The kind of poverty and deprivation that is associated with small-scale fishing households and communities have long been observed and reported but the complexities of their poverty are not well understood. For example, in the early 1970s, the FAO stressed that “the people engaged in these activities and their families continue with few exceptions to live at the margin of subsistence and human dignity” (FAO, 1974). A review of the literature reveals the universally accepted perception that “fisheries rhymes with poverty”. Quotations such as “they are poor because they are fishermen; they are fishermen because they are poor” can be seen in almost all reviews on poverty and fisheries. These quotations only try to say that fishers are poor but did not suggest why the people are poor or how they became poor and even the reason why they are fishers.
Poverty alleviation is one of the major challenges in Ghana and particularly on the Volta basin. According to the Ghana Living Standards Survey of 1998-1999, the percentage of people whose income are below the upper poverty line declined by 12 percent over the previous 7 years to 40 percent. The current poverty headcount ratio at national poverty line ($1.25 per day) is 28.5%. An understanding of the dynamics of poverty among fishers provides a wealth of information for its management, planning for sustainable fish resource management and implementation of effective policies to guide both the industry and the human lives dependent on it.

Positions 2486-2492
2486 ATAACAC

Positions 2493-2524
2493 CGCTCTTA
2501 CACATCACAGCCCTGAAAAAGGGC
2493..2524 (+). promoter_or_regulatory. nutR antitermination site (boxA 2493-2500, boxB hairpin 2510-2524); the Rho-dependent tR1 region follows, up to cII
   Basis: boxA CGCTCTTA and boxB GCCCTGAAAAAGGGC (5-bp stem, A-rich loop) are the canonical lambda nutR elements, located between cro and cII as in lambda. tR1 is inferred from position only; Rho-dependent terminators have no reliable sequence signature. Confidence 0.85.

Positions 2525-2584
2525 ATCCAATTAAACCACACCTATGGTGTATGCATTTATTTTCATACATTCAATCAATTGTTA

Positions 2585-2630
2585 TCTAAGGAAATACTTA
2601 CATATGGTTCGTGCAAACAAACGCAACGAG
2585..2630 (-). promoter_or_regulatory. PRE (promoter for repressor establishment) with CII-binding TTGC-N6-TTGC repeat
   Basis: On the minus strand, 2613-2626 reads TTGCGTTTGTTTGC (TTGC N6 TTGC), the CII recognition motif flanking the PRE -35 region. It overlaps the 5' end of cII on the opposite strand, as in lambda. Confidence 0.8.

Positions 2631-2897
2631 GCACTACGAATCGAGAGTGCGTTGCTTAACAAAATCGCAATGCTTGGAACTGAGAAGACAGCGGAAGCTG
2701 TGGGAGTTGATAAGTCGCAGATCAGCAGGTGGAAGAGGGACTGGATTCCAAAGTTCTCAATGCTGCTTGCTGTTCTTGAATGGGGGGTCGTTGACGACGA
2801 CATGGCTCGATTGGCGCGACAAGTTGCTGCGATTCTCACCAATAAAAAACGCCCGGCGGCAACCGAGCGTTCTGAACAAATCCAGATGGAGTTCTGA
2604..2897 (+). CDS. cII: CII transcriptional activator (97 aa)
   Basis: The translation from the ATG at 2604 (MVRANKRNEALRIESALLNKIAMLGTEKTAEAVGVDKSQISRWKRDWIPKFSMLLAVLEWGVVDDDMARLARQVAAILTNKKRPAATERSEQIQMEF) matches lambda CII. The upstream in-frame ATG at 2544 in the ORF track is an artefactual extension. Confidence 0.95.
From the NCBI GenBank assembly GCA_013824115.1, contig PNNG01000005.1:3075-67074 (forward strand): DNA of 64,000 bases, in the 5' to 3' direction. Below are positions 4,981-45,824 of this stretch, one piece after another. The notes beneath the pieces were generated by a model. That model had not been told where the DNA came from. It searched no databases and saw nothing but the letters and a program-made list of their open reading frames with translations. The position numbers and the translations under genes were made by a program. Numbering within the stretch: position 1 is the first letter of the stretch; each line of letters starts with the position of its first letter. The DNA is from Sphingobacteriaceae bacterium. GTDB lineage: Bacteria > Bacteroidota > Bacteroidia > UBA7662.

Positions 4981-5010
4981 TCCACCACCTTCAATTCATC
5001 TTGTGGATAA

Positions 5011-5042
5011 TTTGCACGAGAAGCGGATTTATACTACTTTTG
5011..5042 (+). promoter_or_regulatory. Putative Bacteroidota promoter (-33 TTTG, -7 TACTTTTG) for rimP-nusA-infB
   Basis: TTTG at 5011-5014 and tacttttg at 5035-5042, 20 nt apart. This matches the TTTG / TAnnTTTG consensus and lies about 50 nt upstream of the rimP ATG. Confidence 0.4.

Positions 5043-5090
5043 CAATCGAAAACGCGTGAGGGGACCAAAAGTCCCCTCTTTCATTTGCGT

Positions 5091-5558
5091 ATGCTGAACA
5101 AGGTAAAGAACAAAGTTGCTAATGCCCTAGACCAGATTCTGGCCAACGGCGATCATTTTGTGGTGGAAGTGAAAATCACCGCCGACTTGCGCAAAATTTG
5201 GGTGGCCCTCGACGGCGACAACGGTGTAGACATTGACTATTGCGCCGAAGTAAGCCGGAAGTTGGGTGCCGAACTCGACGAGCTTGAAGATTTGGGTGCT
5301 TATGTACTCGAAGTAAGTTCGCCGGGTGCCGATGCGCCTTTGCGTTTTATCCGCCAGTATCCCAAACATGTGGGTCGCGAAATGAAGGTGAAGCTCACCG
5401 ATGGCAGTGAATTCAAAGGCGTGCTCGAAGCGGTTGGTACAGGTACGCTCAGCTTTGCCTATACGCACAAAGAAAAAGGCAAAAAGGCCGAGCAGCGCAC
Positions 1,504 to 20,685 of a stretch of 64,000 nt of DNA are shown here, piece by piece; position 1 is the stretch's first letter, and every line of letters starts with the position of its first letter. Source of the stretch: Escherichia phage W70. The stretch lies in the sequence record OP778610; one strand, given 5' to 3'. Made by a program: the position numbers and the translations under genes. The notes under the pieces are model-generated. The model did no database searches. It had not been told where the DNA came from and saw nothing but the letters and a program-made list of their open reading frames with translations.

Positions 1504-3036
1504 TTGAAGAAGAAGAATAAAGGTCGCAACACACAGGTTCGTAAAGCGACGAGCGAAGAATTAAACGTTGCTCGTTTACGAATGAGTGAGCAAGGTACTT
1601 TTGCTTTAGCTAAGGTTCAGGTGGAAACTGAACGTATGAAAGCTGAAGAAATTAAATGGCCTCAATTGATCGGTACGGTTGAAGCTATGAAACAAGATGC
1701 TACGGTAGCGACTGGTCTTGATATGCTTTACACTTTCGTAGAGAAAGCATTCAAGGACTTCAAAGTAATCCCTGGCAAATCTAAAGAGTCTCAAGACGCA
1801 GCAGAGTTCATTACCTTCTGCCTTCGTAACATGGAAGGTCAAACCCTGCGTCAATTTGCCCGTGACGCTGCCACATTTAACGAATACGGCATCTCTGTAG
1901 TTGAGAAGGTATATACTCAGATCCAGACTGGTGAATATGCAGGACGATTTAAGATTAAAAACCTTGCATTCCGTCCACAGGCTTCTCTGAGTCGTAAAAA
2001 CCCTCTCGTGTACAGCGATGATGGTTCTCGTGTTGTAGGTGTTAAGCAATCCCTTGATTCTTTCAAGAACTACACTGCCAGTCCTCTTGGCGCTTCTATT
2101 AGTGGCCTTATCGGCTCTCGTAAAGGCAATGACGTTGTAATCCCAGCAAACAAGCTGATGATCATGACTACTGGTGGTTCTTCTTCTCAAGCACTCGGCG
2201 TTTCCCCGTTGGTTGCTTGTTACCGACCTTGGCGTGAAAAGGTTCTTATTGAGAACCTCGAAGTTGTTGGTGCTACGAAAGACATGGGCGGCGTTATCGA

2. Study area
The study focused on Kpong (urban) and Small London (rural) along the Kpong reservoir
illustration not visible in this excerpt
Figure 1. A map of coastal Ghana showing Kpong Reservoir
(Source: Department of Geography, Resource and Development, University of Ghana).
The Kpong Reservoir is located in the east of Ghana and on the Volta River system (6°9’N, 0°5’E, Figure 1). The Kpong dam, which was closed in May 1981, caused the flooding of about 2685 hectares of land. The reservoir has a total surface of 31.4 km2 and a maximum water depth of 15 m with a mean depth of 5 m. The reservoir is characterized by the presence of many small islands forming rapids; for example, the Senchi rapids in the northern sector of the reservoir and the Kpong reservoir rapids in the southern sector.
- Quote paper
- Berchie Asiedu (Author), 2011, Understanding the socio-economic characteristics and perception of poverty in artisanal fisheries of Ghana. The Case of Kpong Reservoir, Munich, GRIN Verlag, https://www.grin.com/document/165448